This disease is best prevented through the use of the varicella vaccine. Almost all people get antibodies after receiving the vaccine for the disease. The body thus develops an immunity to the disease which can last a lifetime. Sometimes, one can suffer from the disease even after being vaccinated, but this rarely occurs. This person gets very small bumps which may appear red, but fortunately, they never develop into big blisters all over the body. Chicken pox usually clears up by itself within three weeks, since it is a virus and one simply has to wait for the virus to leave the body of its own accord. The contagious phase of chicken pox, however, does not last for the entire three weeks. If you have chicken pox, it is recommended that you cut your nails short or wear gloves to avoid scratching and irritating the blisters. Treatment is mainly focused on subduing symptoms and waiting for the virus to pass healthily. In adults, antiviral drugs are recommended as soon as possible. 

This chicken pox vaccine is supposed to be administered to all. Some individuals may be predisposed to have higher risk factors, and the vaccine is a very strongly recommended option for them. These people include children under the age of five, college students, military personnel, workers in health, pregnant women, frequent travellers, teachers, and those with poor immune systems.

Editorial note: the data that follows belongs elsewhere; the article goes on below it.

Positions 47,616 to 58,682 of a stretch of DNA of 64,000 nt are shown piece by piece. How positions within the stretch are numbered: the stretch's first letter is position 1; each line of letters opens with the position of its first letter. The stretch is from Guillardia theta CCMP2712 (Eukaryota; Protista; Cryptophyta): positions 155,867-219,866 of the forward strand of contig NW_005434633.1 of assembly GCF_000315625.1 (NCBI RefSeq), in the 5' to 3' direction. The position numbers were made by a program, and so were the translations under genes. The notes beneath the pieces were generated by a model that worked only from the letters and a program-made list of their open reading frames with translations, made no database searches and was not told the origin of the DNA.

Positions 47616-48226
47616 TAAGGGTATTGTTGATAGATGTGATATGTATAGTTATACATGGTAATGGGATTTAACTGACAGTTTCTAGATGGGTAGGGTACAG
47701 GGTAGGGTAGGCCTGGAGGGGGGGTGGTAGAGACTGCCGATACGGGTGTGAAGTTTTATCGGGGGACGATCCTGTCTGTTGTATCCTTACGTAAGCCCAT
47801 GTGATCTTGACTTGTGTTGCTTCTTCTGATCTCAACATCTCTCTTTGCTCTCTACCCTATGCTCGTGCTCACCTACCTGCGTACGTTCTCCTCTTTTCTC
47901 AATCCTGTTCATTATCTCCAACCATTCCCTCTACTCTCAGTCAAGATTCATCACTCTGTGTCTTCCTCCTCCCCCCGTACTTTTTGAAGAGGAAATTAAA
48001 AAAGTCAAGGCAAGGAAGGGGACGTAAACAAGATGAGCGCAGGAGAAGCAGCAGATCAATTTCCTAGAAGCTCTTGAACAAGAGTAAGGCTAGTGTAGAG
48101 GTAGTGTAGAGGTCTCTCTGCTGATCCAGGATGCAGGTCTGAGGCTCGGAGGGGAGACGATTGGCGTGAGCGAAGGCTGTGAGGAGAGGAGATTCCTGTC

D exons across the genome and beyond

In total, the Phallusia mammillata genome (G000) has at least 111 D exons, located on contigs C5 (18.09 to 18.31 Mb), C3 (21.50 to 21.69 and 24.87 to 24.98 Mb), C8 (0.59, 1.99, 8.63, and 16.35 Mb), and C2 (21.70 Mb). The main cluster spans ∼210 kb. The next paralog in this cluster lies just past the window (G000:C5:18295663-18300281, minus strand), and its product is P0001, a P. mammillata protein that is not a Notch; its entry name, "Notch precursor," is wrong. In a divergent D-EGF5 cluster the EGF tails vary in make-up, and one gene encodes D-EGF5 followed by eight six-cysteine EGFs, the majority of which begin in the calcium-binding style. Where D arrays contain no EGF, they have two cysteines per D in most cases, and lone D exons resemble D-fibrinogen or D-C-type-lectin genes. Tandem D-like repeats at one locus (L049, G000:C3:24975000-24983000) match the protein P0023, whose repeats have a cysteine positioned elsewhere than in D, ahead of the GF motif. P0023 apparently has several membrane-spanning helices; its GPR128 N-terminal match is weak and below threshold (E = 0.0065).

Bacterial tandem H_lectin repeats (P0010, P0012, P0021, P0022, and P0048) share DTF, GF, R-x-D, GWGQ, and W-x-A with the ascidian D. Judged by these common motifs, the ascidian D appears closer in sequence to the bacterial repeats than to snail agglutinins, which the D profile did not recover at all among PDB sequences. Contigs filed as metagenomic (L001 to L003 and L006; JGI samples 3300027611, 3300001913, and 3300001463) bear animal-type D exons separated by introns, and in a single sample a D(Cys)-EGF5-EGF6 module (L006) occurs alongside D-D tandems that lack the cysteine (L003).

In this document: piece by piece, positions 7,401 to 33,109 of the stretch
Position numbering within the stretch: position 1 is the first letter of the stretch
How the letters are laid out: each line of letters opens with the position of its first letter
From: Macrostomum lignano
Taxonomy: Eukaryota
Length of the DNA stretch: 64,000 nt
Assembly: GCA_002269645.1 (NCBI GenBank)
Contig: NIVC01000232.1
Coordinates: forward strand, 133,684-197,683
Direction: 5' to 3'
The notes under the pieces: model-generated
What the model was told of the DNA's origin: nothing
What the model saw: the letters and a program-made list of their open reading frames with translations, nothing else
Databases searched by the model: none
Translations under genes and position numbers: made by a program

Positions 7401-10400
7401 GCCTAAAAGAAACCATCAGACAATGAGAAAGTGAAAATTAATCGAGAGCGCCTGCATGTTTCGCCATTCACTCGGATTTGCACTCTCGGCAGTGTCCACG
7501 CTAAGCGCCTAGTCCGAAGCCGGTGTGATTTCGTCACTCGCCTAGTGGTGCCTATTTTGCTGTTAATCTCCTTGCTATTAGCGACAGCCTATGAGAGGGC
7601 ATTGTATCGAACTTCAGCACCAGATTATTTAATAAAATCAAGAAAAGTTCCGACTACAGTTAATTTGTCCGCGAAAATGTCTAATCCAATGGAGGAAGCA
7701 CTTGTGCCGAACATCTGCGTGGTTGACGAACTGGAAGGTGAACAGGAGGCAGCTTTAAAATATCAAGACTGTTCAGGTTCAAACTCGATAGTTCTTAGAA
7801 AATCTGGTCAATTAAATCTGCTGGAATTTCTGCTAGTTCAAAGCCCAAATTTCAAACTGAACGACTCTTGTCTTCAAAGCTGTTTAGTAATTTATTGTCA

The risks of chicken pox may be significantly higher during the first six months of pregnancy for the fetus. During the third trimester, the mother may be more in danger than the fetus. A varicella infection during pregnancy can spread to the fetus via the placenta. If infection sets in within 28 weeks of conception, the infant may be born with fetal varicella syndrome, which can have many physical deformities, including encephalitis, microcephaly, hypoplasia, hypopigmentation, and underdeveloped fingers and toes. 

The chicken pox vaccine is not harmful. The only negative effects it may cause are negligible. The only observed sign is some mild pain and redness at the site of injection, with a mild accompanying rash. The consequences of getting the vaccine can be minimal when compared to the consequences of not getting the vaccine at all. A second dose of the vaccine is recommended within five years of the original shot to ensure total prevention. Because the complications of chicken pox are much higher in adults than they are in children, sometimes parents will deliberately expose their children to the virus in situations called 'chickenpox parties'. Doctors highly discourage this, and advocate for parents to vaccinate their children agains the disease instead. 

Adults are at a higher risk of contracting the chicken pox virus as compared to children, to the point where chicken pox in adults can even be fatal. It is wise to vaccinate your entire family against this disease, if they haven't already been.